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Eat a Chipotle Burrito Recently? You Need to Check Your Bank Account ASAP
Editor’s note: Chipotle Mexican Grill is now providing more information about this security breach. For specifics on locations affected and how to file a claim with the Federal Trade Commission, read the fast-food chain’s blog post here.
Chipotle just can’t catch a break.
Since the Mexican fast-food chain’s E. coli outbreak in 2015, the company has struggled to win positive headlines.
After Chipotle recently raised its prices by 5% at about one-fifth of its restaurants nationwide, some people were once again unhappy with the company.
You could say a dreary cloud has loomed over Chipotle for a while now, and this week’s debacle doesn’t help: On April 25, Chipotle announced that hackers breached its payment system.
Hackers Breached Chipotle’s Payment System — How Are You Affected?
The Mexican fast-food chain’s quarterly earnings call started off stellar. The company announced same-store sales increased by 17.8%. It had experienced five quarters of same-store sales declines, so the news was promising.
So promising, in fact, that Chipotle Mexican Grill stock increased by as much as 6.8% after the report.
However, the call also included the announcement of the payment system hack.
Jack Hartung, Chipotle’s chief financial officer, stated that the company “detected unauthorized activity” on the network responsible for in-store processing of credit and debit card payments, according to CNBC.
Affected transactions occurred between March 24-April 18, 2017.
Why is this bad? A payment system breach puts sensitive data, such as credit card numbers, into the hands of criminals, allowing them to steal customers’ money.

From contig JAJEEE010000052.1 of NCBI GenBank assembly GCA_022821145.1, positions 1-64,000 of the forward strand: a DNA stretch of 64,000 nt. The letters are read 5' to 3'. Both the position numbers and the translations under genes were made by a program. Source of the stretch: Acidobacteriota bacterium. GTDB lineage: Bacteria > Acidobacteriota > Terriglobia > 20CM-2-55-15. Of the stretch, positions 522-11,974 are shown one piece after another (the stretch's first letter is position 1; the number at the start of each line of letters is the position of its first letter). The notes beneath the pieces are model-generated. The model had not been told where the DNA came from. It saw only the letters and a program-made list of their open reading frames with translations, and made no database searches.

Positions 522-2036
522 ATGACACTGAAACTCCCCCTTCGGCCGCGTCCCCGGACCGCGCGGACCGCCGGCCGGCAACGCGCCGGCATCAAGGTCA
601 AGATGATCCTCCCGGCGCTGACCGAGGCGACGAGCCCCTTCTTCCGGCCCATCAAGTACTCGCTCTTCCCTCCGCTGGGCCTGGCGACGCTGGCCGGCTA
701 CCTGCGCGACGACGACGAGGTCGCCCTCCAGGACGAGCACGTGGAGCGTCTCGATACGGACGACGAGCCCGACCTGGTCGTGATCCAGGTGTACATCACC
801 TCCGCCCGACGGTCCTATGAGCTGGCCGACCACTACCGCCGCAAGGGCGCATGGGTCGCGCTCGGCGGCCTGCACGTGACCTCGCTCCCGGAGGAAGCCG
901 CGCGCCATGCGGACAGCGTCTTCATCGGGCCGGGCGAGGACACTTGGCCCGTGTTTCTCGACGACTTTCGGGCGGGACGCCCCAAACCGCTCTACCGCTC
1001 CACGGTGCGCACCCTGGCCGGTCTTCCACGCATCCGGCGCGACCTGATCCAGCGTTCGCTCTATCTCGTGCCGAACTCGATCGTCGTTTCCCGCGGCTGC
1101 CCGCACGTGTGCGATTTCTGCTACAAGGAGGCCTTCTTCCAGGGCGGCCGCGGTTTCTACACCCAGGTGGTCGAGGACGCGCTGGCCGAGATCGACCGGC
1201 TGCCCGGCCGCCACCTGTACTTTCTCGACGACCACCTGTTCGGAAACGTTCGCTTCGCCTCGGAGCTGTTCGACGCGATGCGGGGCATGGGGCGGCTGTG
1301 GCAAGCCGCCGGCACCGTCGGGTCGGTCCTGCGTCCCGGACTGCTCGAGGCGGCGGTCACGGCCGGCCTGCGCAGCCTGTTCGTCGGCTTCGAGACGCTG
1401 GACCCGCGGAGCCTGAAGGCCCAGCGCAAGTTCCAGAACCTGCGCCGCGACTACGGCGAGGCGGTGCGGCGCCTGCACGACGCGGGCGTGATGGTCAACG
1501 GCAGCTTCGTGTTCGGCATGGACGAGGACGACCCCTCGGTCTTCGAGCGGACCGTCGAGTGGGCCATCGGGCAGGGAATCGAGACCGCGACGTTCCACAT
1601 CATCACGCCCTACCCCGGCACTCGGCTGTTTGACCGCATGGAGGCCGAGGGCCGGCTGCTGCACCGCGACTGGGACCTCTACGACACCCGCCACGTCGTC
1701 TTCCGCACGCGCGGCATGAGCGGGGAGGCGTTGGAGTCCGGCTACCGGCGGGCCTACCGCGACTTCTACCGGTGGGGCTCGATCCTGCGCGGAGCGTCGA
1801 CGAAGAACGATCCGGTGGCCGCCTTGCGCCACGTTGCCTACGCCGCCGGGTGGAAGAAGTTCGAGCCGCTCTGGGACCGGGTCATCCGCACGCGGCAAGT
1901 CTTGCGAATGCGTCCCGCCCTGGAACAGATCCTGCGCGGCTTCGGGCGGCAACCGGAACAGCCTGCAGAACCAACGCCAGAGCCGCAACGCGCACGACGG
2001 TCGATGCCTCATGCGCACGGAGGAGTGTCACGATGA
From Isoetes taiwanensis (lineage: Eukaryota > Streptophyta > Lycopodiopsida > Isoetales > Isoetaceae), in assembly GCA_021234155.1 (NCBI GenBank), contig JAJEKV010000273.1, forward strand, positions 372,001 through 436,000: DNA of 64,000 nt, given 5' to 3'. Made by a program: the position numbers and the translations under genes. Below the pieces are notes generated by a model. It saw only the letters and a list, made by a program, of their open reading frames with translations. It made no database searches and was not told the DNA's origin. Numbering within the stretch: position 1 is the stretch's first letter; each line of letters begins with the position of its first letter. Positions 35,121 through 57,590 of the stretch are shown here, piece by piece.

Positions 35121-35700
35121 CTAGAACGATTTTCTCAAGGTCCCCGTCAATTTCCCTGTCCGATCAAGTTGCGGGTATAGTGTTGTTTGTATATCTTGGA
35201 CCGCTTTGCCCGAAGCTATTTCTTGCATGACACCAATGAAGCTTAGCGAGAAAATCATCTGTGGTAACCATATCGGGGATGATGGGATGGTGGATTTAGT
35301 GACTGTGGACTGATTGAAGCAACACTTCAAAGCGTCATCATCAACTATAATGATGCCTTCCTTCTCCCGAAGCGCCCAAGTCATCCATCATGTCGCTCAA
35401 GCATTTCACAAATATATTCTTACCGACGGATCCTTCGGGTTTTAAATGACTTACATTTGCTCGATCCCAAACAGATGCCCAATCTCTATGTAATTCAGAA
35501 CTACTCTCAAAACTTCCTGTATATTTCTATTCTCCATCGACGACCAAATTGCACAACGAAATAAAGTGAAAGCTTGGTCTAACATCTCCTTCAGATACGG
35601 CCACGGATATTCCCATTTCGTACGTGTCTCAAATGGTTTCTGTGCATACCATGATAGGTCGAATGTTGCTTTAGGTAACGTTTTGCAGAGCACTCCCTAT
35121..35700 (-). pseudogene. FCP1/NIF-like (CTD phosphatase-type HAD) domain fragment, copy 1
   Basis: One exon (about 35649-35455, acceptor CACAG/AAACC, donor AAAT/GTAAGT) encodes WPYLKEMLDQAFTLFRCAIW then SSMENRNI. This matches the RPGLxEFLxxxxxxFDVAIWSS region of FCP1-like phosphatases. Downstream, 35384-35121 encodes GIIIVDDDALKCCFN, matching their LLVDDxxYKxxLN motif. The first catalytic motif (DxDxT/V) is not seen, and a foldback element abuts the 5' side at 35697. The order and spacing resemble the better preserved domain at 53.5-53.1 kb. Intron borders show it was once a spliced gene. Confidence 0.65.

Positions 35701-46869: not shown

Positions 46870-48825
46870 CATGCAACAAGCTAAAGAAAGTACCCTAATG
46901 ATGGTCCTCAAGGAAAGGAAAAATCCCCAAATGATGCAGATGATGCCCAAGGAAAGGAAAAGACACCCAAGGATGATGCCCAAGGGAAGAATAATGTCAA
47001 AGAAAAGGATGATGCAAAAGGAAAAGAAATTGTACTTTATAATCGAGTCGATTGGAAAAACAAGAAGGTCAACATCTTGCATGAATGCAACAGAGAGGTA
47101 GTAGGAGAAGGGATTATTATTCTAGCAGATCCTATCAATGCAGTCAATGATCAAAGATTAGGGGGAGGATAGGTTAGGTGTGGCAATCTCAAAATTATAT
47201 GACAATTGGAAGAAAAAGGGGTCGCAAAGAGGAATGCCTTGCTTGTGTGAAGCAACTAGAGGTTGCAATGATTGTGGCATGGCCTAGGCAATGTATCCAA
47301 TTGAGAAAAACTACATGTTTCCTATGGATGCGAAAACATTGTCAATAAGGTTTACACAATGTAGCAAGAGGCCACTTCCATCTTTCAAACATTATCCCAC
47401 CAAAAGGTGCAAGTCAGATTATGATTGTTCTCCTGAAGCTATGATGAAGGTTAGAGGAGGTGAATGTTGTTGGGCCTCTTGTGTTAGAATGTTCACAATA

Carissa Economos, a senior at The University of Tampa, told me about her concerns on Facebook.
“I've been there 3 times in the past week alone and now I'm kind of freaking out,” said Economos. “I've been checking my account and everything seems normal, but it's crazy how such a large business can get hacked. It just goes to show that no matter how secure a network is, there's always going to be a way in.”
Hartung said the company began an investigation immediately when it learned of the attack. A statement from Chipotle said the chain has taken steps it believes will halt unauthorized activity.
If you’ve been to Chipotle recently, it would be wise to check your bank statements. Make sure to report any unauthorized activity to your bank immediately.
Hopefully Chipotle’s grief ends soon — I hear it might start offering dessert, but I’m not trying to get my credit card hacked while enjoying it.
Your Turn: Are you worried about the Chipotle breach?
Kelly Smith is a junior writer and engagement specialist at The Penny Hoarder. Catch her on Twitter at @keywordkelly.
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